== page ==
Community Can't Be Created
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Community Can't Be Created

A recipe for community: be yourself and allow others to be themselves.

Community Can't Be Created

Yesterday, I went to Graduation at Saint Mary's College, the college I attend. I am slated to graduate next year in 2017, but this is my second year attending graduation. Why? you ask.

I could give many reasons. The energy—the unique Saint Mary's experience of seniors having their own plot of land in which to celebrate their journey with friends and family. The free food that you get when you plot-hop. Though, there are limits to seniors' hospitality when you don't know them and have never said hi and only congratulate them for the sake of mooching off them. This disclaimer isn't coming from experience, by the way... The awesome commencement speakers—last years' was Chris Matthews from Hardball, this years' was Mahershala Ali, who starred in House of Cards and The Hunger Games. But, I think the top reason to go is to celebrate the community that you had with those seniors, who are moving on to greater things. Though, they will never relinquish their identity—they are Gaels for life.

I've been struggling to find the words to describe what community means. This is a quest that I've been on, not only for the search for community but also the desire to find a definition, for a few years. Community is what Marina Keegan called "the opposite of loneliness," but there's so much more to it than that.

Thinking back on my experience at Saint Mary's, I don't think community is something that could ever form in any way except organically. And it's not that communities know they are communities. In fact, communities are in denial that they are communities. But, taken as a whole, that's what they are.

Confused? I don't blame you, but I'll try to explain. I think to have a community, you have to have diversity; a diversity of people, doing diverse things, some of whom care little about what the other segments of the community are doing. That sounds paradoxical, but really it's not.

For example, one group of friends are interested in choir-related activities, so when you interact with them, you tend to hear a lot about choir. They might not care necessarily about soccer games because that's not their interest. But with the choir people, you can talk about choir and the victories they've had taking their musical talents to the international arena.

If you want to experience the athletic side of things, then you can go to a soccer game (my favorite sport by far to watch in college, both men and women). There you see some of your friends in the bleachers and some of your friends actually playing. Though you may not exchange a single word with those on the bleachers, a sense of solidarity exits nevertheless.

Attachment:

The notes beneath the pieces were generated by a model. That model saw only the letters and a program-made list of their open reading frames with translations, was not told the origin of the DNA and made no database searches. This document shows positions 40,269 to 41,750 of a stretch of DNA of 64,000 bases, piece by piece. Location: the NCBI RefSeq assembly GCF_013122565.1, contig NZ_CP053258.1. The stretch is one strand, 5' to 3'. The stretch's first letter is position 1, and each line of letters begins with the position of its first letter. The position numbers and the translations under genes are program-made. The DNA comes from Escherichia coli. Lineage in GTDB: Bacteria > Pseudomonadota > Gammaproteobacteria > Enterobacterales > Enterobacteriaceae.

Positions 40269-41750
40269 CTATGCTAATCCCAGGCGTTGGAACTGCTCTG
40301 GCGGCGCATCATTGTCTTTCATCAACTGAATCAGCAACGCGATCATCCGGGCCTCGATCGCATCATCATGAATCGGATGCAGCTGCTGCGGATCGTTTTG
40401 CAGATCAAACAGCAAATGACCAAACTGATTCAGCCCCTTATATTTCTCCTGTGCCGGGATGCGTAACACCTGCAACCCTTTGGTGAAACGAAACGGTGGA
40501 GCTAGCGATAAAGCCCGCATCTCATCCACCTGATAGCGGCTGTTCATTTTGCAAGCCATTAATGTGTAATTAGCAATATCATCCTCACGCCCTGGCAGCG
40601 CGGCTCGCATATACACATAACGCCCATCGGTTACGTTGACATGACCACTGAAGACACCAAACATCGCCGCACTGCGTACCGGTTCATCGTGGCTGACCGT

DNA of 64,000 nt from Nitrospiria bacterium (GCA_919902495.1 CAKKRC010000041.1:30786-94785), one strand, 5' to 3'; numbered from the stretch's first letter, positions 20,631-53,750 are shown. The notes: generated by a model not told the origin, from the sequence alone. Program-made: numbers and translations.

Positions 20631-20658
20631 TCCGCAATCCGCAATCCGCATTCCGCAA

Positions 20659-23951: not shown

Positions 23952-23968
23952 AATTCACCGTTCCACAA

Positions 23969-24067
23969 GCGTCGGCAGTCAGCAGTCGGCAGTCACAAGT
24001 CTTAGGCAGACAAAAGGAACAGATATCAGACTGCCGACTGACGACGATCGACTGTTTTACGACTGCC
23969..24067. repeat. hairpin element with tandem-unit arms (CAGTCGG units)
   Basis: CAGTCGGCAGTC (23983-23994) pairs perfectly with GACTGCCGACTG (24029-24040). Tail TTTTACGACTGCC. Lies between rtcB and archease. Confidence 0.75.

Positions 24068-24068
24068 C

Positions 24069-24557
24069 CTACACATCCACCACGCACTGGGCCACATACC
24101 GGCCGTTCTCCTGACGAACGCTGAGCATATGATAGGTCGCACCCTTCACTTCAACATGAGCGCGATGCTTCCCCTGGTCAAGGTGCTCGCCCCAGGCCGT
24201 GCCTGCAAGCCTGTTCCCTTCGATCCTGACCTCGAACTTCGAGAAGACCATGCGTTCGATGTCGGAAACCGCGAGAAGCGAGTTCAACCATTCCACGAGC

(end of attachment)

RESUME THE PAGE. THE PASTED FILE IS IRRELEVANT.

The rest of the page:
Then when you go to class, you meet people with whom you can passionately debate Nietzsche or Gandhi or Desmond Tutu (in a class called Seminar), and you get to be able to spar intellectually with your classmates.

When you go to dance class, you interact with a whole different subset of people, some of whom you may not be friends initially. But, by the time finals come you can't imagine not knowing each other. Though, that was in fact the case for the most part when you started.

My point is that people in each of these groups, and the many other groups on campus, are just living their lives and pursuing their own passions. But, it's the fact that each of them have really cool interests and are willing to open up to you about these interests, if you are patient enough to ask them. That is what gives communities their flavor.

Maybe what I'm saying is that it's impossible for communities to exist unless there's something exciting about being a part of them. An excitement caused by the multitude of interests, some of which overlap and others that don't.

You're never bored in a community, because each aspect of your humanity is engaged by the different people you meet. The compilation of all of these different interests cause you to remember that part of your humanity.

In my British Literature 2 class, we read a lot of dystopian stories like "1984" by George Orwell and "Brave New World" by Aldous Huxley. I think the reason these attempts at utopia failed is because they tried to create a society through a powerful central authority—what Hobbes would have called a mortal God with infinite power—and thought that this infinitely powerful person could create a wonderful society. But that was a mistake. Just as I think all attempts to form communities using elected or unelected leaders who try to marshal people into a tight-knit communities are destined to fail. The impetus for the formation of community has to happen from the well-spring of people's own interests that cause them to be within physical proximity to each other on a daily basis. When you have the fortune of interacting with all of them, you notice that you've found yourself in the midst of a loving community of bright lights who are illuminating the world.

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This article has not been reviewed by Odyssey HQ and solely reflects the ideas and opinions of the creator.
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